Automation technology has many workers concerned about the future of their jobs. Computers are one of the many technologies that grow exponentially more powerful with every passing year, and these improvements lead to innovations that can save businesses tons of time and capital, but when applied to automation, does this come at the cost of jobs? Let’s see why workers in certain industries might be concerned about automation, as well as whether or not their concerns are warranted.
Automation is when you use technology to fulfill tasks that would normally be done by humans with the intention of minimizing human input. When it can be carried out successfully, tasks can be performed with higher degrees of predictability, repeatability, and efficiency. This reduces the risk of user error and generally takes any unforeseen issues off the table, freeing up time for use elsewhere. Computing systems themselves have been used in automation for quite some time, but artificial intelligence and machine learning have brought about a whole new level of innovation, so much to the point that some workers wonder if they will be replaced by machines.
Is There a Reason to Worry?
This isn’t as straightforward a question as it might seem. Some are worried when there is no reason to be, whereas others are not concerned enough. Roughly a quarter of today’s workforce worries that automation is coming for their jobs within the next five years. In particular, young people are worried (37 percent), likely because they are generally more aware of how technology influences businesses to work toward automation. The older the worker is, the less likely they feel they can be replaced by automation.
Other contributing factors are age disparity and income difference. 34 percent of workers who make less than $50,000 annually are fearful their jobs will be automated. As wages increase, the number of those concerned decreases exponentially. Most jobs replaced by automation are those of unskilled workers, so this trend is not necessarily unexpected.
One way to see these differences is by looking at industries that have traditionally lost jobs to automation. Think industries like automotive, business support and logistics, advertising and marketing, and retail. Positions in these industries are more likely to be considered at risk.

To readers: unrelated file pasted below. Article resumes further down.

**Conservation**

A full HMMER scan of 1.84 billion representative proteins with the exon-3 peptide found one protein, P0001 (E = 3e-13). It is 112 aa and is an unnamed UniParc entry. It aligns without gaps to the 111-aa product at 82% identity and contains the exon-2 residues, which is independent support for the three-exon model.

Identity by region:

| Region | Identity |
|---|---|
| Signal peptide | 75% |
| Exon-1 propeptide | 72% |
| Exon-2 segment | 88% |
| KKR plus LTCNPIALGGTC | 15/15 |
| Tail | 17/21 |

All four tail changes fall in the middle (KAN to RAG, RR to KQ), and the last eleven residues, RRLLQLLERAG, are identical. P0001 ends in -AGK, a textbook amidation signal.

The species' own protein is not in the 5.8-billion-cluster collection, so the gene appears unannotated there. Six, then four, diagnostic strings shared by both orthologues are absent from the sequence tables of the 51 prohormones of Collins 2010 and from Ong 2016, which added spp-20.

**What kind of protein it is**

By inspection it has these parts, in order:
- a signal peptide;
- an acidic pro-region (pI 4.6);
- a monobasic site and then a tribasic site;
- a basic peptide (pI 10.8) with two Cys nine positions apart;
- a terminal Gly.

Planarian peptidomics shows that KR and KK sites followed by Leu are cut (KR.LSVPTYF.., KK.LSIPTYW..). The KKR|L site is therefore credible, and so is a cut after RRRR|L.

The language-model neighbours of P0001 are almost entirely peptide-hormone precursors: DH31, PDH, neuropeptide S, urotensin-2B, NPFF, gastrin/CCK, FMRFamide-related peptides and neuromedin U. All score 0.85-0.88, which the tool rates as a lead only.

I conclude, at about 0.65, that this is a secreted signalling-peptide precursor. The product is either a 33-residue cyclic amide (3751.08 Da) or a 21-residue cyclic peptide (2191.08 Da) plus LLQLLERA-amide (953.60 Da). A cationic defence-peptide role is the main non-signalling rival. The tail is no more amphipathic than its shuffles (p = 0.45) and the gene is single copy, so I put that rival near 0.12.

Here’s an example: truck drivers are growing increasingly more wary of automation technology, as self-driving trucks are not just a developing technology. They have already made their debut in the industry. All it takes is some legislation and a bit of refinement for them to be here to stay, leading truck drivers to lose their jobs. The most concerning part of this is that these laborers do might not have skills that can be applied elsewhere to land themselves in a position with the same financial stability as previously.
In cases like those outlined above, it is clear that these workers are at very real risk of being replaced by automation. However, automation is not all doom and gloom for all workers. While it does take away certain opportunities, it opens the door for so many others.
How Can Automation Help Workers?
Some workers are threatened by automation, but others are finding that it is a great benefit that makes their jobs easier. Managing a business involves several small tasks that can be repetitive by nature, but the use of automation can make these tasks easier or completely automate them, freeing up time that can be spent on larger or more complicated tasks. When skilled employees are allowed to use the skills they have built up over time, they are going to be happier and enjoy their jobs much more, leading to greater overall satisfaction and productivity.
Automation gives companies the opportunity to save money, work smarter, and utilize all available resources to be as productive as possible. When businesses are able to maximize efficiency, the quality of products and services rendered can increase, leading to greater demand for such products or services, ultimately resulting in a greater demand for more jobs, opportunities, and workers. We hope that you can now see the value in automation for small businesses. What are your thoughts on automation technology? Let us know in the comments.